So, what is lemon curd, and what do you do with it?
Lemon curd is essentially a preserve or condiment made with lemon juice, eggs, sugar and butter. The first three ingredients get blended and softly warmed so that the eggs thicken the mixture. …
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Lemon curd is essentially a preserve or condiment made with lemon juice, eggs, sugar and butter. The first three ingredients get blended and softly warmed so that the eggs thicken the mixture. Whisking in cold butter finishes it off and smoothes it out.
What you do with it is the fun part. Use it on toast, scones, biscuits or English muffins. Blend it into whipped cream to layer with cake and fruit in a trifle. Top a cheesecake with a layer. Fill a cake with it. Stir it into yogurt. Spoon it onto a slice of pound cake. Anywhere you want a burst of sweet, creamy, pleasantly tart lemony-ness, this curd is your gal.
A small jar of this makes a lovely holiday gift. Tie on a tag with the above advice for how to put the lemon curd to good use, and remind the recipient to keep it refrigerated.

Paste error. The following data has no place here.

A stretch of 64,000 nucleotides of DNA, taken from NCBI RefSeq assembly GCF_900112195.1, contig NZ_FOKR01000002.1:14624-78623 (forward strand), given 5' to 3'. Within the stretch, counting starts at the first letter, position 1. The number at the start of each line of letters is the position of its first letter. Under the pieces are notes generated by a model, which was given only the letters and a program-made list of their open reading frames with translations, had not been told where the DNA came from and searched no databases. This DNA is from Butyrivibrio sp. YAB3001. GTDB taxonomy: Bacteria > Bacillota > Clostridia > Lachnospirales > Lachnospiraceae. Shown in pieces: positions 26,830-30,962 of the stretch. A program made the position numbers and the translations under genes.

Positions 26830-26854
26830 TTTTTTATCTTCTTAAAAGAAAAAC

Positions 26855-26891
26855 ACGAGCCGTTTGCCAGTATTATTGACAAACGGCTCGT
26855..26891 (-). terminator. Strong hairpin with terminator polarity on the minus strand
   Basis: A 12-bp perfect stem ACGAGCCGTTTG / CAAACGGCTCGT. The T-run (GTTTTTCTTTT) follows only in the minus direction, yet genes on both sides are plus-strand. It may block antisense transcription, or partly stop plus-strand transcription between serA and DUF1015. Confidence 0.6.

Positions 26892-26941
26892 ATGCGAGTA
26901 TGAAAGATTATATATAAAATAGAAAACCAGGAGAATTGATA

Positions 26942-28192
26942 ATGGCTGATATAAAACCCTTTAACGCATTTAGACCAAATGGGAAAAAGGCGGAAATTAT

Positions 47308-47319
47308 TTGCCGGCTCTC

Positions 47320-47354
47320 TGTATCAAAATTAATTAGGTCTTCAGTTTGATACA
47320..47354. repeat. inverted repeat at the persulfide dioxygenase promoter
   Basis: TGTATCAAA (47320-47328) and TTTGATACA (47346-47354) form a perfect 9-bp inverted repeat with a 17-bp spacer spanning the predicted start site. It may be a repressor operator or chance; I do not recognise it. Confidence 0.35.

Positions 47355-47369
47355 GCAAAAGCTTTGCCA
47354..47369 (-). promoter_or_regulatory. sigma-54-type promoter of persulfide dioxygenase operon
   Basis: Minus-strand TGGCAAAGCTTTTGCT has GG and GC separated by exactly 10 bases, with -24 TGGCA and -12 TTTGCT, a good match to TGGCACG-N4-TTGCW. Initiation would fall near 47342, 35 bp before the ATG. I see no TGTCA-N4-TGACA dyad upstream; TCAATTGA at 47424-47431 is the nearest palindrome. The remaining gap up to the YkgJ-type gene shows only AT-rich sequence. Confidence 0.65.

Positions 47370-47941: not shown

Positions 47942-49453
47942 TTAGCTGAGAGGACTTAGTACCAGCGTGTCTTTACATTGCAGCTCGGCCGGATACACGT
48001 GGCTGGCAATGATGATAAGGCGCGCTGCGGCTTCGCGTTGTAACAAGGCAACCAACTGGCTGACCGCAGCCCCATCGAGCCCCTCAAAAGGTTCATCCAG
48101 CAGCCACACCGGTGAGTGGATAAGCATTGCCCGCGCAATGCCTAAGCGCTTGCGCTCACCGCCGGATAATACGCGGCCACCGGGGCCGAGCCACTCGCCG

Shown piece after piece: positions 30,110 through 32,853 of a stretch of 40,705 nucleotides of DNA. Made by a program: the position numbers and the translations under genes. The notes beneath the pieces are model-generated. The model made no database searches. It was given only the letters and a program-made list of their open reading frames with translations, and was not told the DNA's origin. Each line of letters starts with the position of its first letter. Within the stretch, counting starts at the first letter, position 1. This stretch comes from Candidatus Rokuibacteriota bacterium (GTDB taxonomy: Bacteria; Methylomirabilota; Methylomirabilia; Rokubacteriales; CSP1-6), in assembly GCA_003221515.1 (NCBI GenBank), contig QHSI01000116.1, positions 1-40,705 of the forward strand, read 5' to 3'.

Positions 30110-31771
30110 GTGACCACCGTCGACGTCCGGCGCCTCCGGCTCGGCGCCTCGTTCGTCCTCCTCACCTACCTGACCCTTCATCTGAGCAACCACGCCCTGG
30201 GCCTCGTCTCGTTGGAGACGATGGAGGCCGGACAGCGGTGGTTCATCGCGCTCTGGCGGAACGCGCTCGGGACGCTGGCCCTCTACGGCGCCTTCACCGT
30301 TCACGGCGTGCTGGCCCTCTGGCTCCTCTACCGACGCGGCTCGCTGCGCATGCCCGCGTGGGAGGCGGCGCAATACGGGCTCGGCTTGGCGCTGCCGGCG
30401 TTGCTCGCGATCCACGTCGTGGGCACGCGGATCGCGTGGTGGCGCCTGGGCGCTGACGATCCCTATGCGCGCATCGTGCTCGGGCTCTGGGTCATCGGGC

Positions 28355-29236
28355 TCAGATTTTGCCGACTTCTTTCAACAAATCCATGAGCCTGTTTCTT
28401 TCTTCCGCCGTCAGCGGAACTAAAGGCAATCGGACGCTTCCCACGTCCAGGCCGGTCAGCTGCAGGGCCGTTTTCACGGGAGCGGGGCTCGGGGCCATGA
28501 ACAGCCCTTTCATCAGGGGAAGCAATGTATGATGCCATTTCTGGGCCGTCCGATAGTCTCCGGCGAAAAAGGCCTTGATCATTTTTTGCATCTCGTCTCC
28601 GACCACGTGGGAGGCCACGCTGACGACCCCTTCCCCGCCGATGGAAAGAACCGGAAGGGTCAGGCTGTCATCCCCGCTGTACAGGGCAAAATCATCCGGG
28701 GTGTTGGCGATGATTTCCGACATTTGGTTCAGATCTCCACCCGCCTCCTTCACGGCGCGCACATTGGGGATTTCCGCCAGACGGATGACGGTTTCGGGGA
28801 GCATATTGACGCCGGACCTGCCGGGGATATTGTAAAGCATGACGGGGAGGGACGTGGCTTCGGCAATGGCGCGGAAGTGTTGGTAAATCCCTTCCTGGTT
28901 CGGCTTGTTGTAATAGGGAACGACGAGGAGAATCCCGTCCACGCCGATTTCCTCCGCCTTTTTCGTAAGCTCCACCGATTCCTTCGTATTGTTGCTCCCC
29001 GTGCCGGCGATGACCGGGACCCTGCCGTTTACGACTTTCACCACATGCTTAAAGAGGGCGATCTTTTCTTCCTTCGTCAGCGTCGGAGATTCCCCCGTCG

Oh, and lime juice also works; then you have lime curd. A nice way to switch it up.
Makes about 2 cups, or about 16 servings
Start to finish: 3 hours (30 minutes hands-on time; includes 2 hours 30 minutes of chilling time)
1 large egg
4 large egg yolks
1 cup sugar
1/2 cup fresh lemon juice
6 tablespoons cold unsalted butter, cut into 6 pieces
Pinch kosher salt
In a large, heavy pot, whisk together the egg, yolks, sugar and lemon juice until smooth.
Place the pot over medium heat and whisk frequently until the mixture is warm. Continue whisking frequently until the mixture thickens and turns buttery yellow, about 7 to 10 minutes. Adjust the heat as needed to make sure the mixture does not simmer, but stays hot. When the mixture coats the back of a mixing spoon, it is done. You can also use a candy thermometer to measure the temperature, which should be between 170 and 175 degrees F.
Remove the pot from the heat and whisk in the butter one tablespoon at a time, until each addition of butter is melted and incorporated. Whisk in the salt.
Transfer the lemon curd to a glass container. Place a piece of plastic wrap over the top (this prevents a skin from forming) and allow to cool. Seal the container and refrigerate for up to 10 days.
Nutrition information per serving: 107 calories; 51 calories from fat; 6 g fat (3 g saturated; 0 g trans fats); 71 mg cholesterol; 22 mg sodium; 13 g carbohydrate; 0 g fiber; 13 g sugar; 1 g protein.
Katie Workman has written two cookbooks focused on easy, family-friendly cooking, "Dinner Solved!" and "The Mom 100 Cookbook." She blogs at http://www.themom100.com/about-katie-workman. She can be reached at Katie@themom100.com.
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